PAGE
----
Sazetidine-A is a selective α4β2 nicotinic receptor desensitizing agent and partial agonist. It has been shown in previous studies to significantly reduce nicotine self-administration in rats after acute or repeated injections. However, the effects of continuous chronic infusions of sazetidine-A on maintenance of nicotine self-administration and relapse after abstinence have yet to be examined.
This study evaluated the efficacy of continuous sazetidine-A infusions (sc) over a period of four weeks to reduce nicotine self-administration in male and female Sprague-Dawley rats.
Sazetidine-A was administered via Alzet osmotic minipumps to young adult female and male rats at doses of 0, 2 or 6 mg/kg/day for four weeks. The effects of sazetidine-A on IV nicotine self-administration were examined in repeated 3-hour sessions over the first two weeks of infusion followed by one week of forced abstinence from nicotine and one week of resumed nicotine access.
The 6 mg/kg/day sazetidine-A dose significantly reduced overall nicotine self-administration compared with vehicle control across the sessions for both male (p<0.001) and female (p<0.05) rats. The lower 2 mg/kg/day sazetidine-A infusion dose was effective in reducing nicotine self-administration for male (p<0.001), but not female rats. No attenuation in sazetidine-A effectiveness was seen over the course of the four-week treatment. In the vehicle control group, male rats self-administered significantly (p<0.001) more nicotine than females.
The continuing effectiveness of sazetidine-A in reducing nicotine self-administration in both male and female rats supports its promise as a new treatment to help people successfully quit smoking.
Nicotine; Sazetidine-A; chronic; Self-administration; Sex differences
BACKGROUND: The value of corticosteroids in severe acute asthma continues to be debated. METHODS: Ninety consecutive patients admitted to the emergency room with severe acute asthma were studied in a randomised, double blind, controlled trial to determine the efficacy of corticosteroids. Eighty two patients completed the study. All received oxygen therapy and intensive bronchodilator treatment. The patients were divided into three groups for steroid treatment, receiving intravenous methylprednisolone 10 mg/kg every four hours for 48 hours (29 patients, group A); intravenous methylprednisolone 2 mg/kg every 4 hours for 48 hours (27 patients, group B); or no intravenous corticosteroids (26 patients, group C). RESULTS: There were no differences on admission among the three groups in forced expiratory volume in one second (FEV1), forced vital capacity (FVC), peak expiratory flow (PEF), or arterial oxygen or carbon dioxide tension; and the rates of recovery in FEV1, FVC, and PEF were similar. CONCLUSIONS: Corticosteroids given with bronchodilators have not shown a beneficial effect in the first 48 hours of recovery of severe acute asthma. Only in those patients who failed to respond by the third hour of treatment, and in those who were previously taking oral corticosteroids, does a favourable, though not statistically significant, effect appear to occur.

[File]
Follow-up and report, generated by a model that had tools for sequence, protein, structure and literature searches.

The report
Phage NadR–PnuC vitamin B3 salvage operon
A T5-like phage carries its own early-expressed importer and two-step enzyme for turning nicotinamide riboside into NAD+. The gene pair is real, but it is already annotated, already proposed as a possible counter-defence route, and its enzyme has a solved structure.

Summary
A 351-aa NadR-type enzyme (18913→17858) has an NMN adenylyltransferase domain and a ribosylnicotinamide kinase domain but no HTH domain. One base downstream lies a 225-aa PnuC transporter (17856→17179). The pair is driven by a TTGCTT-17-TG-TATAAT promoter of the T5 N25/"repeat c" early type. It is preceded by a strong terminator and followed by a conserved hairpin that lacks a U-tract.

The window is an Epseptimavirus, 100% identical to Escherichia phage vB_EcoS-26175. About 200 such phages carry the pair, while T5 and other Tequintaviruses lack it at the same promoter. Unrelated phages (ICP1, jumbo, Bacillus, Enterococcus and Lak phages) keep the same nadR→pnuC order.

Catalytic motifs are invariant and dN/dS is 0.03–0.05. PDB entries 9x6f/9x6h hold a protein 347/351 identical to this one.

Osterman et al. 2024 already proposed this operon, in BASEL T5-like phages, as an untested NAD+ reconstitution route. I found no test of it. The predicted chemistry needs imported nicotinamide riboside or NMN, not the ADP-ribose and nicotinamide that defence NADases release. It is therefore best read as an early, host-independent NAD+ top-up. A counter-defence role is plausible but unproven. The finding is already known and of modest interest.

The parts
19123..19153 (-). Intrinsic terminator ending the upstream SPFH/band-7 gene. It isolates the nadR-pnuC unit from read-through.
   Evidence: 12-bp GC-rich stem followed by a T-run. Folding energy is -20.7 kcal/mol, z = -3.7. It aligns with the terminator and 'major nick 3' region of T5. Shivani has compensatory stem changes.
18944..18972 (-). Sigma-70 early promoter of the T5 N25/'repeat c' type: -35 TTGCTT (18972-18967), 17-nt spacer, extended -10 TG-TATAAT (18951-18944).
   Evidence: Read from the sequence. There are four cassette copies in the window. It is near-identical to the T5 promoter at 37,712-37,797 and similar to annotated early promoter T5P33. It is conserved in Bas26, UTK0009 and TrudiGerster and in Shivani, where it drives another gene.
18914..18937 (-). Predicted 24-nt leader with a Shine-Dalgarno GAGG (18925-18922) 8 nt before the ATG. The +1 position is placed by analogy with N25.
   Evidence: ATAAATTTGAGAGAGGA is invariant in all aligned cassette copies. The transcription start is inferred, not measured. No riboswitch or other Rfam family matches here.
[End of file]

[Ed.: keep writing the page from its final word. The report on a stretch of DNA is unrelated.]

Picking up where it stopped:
The chronic myeloproliferative disorders (MPD), polycythemia vera (PV), essential thrombocytosis (ET) and idiopathic myelofibrosis (IMF), are characterized by a spectrum of clinical features and linked by common genetic lesions in JAK2 and MPL. However, the clinical phenotypes in genetically undefined MPD patients are similar to those patients with JAK2 and MPL lesions. We, therefore, sought to determine whether there were JAK2 or MPL lesions in a well-defined, JAK2 V617F-negative MPD cohort, and to determine if clinical associations could be identified based on variations identified in these genes.
We examined the JAK2 and MPL genes in JAK2 V617F-negative PV, IMF and idiopathic erythrocytosis (ERT) patients for sequence variations.
We identified two previously unrecognized JAK2 mutations and three previously unrecognized MPL mutations in JAK2 V617F-negative PV, erythrocytosis and IMF patients. We identified JAK2 exon 12 lesions in 30% of JAK2 V617F-negative PV patients, and either JAK2 V617F or JAK2 exon 12 lesions in 9% of ERT patients In IMF, in addition to the MPL gene mutation, W515K, we identified three additional mutations: 204P and 2 intervening sequence transitions: IVS 11/12 and 10/11.
While the clinical phenotype of JAK2 exon 12 lesions in the MPD was predominantly erythroid, there was significant disease spectrum overlap between JAK2 V617F and JAK2 exon 12 mutations. By contrast, MPL gene mutations were not associated with erythrocytosis, but segregated primarily with the phenotypes of thrombocytosis, extramedullary disease, myelofibrosis and osteosclerosis.
Mutations in the thrombopoietin receptor (MPL) may activate relevant pathways and lead to chronic myeloproliferative neoplasms (MPNs). The mechanisms of MPL activation remain elusive because of a lack of experimental structures. Modern computational biology techniques were utilized to explore the mechanisms of MPL protein activation due to various mutations.